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‘Room’ is a watershed moment for Brie Larson

by Trevan McGee on November 19, 2015

in Blogs,Print Reviews,Reviews

[Rating: Solid Rock Fist Up]

Room is one of those small, independent films that  only a handful of people will see, but everyone who does will have favorable things to say.

The latest from Frank director Lenny Abrahamson, Room is told from the perspective of Jack (played by Jacob Tremblay). Jack’s world is full of friends like Lamp and Plant.

His only human friend is his mother Ma (played by Brie Larson) and Jack’s life is normal and relatively happy one.

In reality, Jack and Ma are captives. Ma has been held in torment for 7 years, giving birth to Jack 2 years into her captivity. A fictionalization of events like the Ariel Castro kidnapping, Room‘s subject matter is bleak, but still manages to elevate itself above what could have been a by-the-numbers drama or Lifetime TV movie. It accomplishes this feat by doing a few things incredibly right.

First is telling the story from Jack’s perspective, as previously mentioned. Seeing the young boy’s view of the world further endears us to Ma, the woman who made it possible for him to experience a young life as close to normal as possible. Secondly, Room is not a harrowing escape story, at least not completely. It wisely explores the difficult world a captive faces upon returning to home – the media barrage, the lingering guilt and depression, and the fear the never fully leaves a person.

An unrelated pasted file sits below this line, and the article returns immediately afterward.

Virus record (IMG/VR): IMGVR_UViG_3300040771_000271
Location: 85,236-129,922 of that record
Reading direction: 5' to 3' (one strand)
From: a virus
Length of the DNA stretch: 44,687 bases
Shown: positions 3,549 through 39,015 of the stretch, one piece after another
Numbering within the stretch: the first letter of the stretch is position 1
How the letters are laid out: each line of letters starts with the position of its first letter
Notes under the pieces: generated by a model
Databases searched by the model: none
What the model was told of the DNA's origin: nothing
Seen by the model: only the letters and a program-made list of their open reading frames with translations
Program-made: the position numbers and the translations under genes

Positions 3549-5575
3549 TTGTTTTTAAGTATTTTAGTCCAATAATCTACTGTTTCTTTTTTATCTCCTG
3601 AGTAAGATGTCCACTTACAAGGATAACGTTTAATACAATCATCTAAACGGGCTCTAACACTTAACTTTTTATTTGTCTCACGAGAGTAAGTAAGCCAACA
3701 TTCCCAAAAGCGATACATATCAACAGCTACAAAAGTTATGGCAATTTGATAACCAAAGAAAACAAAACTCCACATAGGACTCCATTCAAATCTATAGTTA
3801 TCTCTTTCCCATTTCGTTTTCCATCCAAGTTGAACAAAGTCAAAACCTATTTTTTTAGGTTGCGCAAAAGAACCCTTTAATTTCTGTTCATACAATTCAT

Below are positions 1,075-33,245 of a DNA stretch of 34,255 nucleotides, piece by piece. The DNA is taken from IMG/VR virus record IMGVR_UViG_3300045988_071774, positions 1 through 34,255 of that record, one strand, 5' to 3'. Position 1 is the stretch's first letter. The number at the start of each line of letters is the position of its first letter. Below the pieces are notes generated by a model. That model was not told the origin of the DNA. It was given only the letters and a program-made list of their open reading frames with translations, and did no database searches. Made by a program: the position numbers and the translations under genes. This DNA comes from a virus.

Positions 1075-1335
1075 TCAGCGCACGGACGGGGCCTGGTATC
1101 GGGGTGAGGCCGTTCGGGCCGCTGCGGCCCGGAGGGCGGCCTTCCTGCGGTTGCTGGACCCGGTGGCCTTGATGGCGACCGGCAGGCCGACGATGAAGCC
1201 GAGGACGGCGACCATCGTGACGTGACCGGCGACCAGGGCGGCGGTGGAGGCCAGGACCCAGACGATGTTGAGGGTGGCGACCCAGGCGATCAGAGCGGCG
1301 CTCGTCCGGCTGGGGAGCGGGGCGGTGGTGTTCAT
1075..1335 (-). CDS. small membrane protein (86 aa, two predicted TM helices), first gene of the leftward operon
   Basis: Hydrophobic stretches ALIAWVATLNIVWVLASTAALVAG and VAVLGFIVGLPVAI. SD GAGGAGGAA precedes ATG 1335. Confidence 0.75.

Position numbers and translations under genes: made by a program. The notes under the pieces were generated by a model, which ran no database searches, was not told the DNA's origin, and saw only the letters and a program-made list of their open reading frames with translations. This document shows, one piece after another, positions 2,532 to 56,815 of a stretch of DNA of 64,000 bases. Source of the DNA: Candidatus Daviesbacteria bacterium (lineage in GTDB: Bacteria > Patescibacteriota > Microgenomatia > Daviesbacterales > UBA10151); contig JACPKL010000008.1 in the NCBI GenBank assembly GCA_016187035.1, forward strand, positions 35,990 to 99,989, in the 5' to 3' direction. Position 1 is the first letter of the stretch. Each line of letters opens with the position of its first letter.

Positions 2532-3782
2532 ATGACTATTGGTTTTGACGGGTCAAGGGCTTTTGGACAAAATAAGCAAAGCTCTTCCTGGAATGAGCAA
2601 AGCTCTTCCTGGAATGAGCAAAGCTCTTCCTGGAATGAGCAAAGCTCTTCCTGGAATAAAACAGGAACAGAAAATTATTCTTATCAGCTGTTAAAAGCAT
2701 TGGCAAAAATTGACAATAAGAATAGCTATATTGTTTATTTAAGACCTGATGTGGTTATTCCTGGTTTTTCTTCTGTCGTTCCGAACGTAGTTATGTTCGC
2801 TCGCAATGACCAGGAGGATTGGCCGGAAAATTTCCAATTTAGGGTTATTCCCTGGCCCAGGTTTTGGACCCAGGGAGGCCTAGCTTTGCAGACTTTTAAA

Anchoring this entire film is Larson, who gives the type of performance that deserves to be remembered, come awards season. She’s long been a go-to in comedic supporting roles on TV shows such as The League and Community and films such as 21 Jump Street, but here, she’s revelatory.

The subtlety and naturalism she injects into her character, combined with Emma Donoghue’s script keep Room grounded and helps it avoid melodrama by focusing on tiny victories and small moments between the characters. Abrahamson keeps his film subdued through a no-frills approach to scene construction and editing and manages to avoid the usual schmaltzy soundtrack or other pitfalls that could have easily claimed Room.

The result is a film that is uncompromising in its handling of some complex and difficult subject matter. Room is about a lot of things – depression, guilt, acclimating to your surroundings – chief among them, but its biggest accomplishment is that it manages to convey hope and optimism without becoming patronizing or underserving the narrative. It’s a balancing act, and a damn good one.

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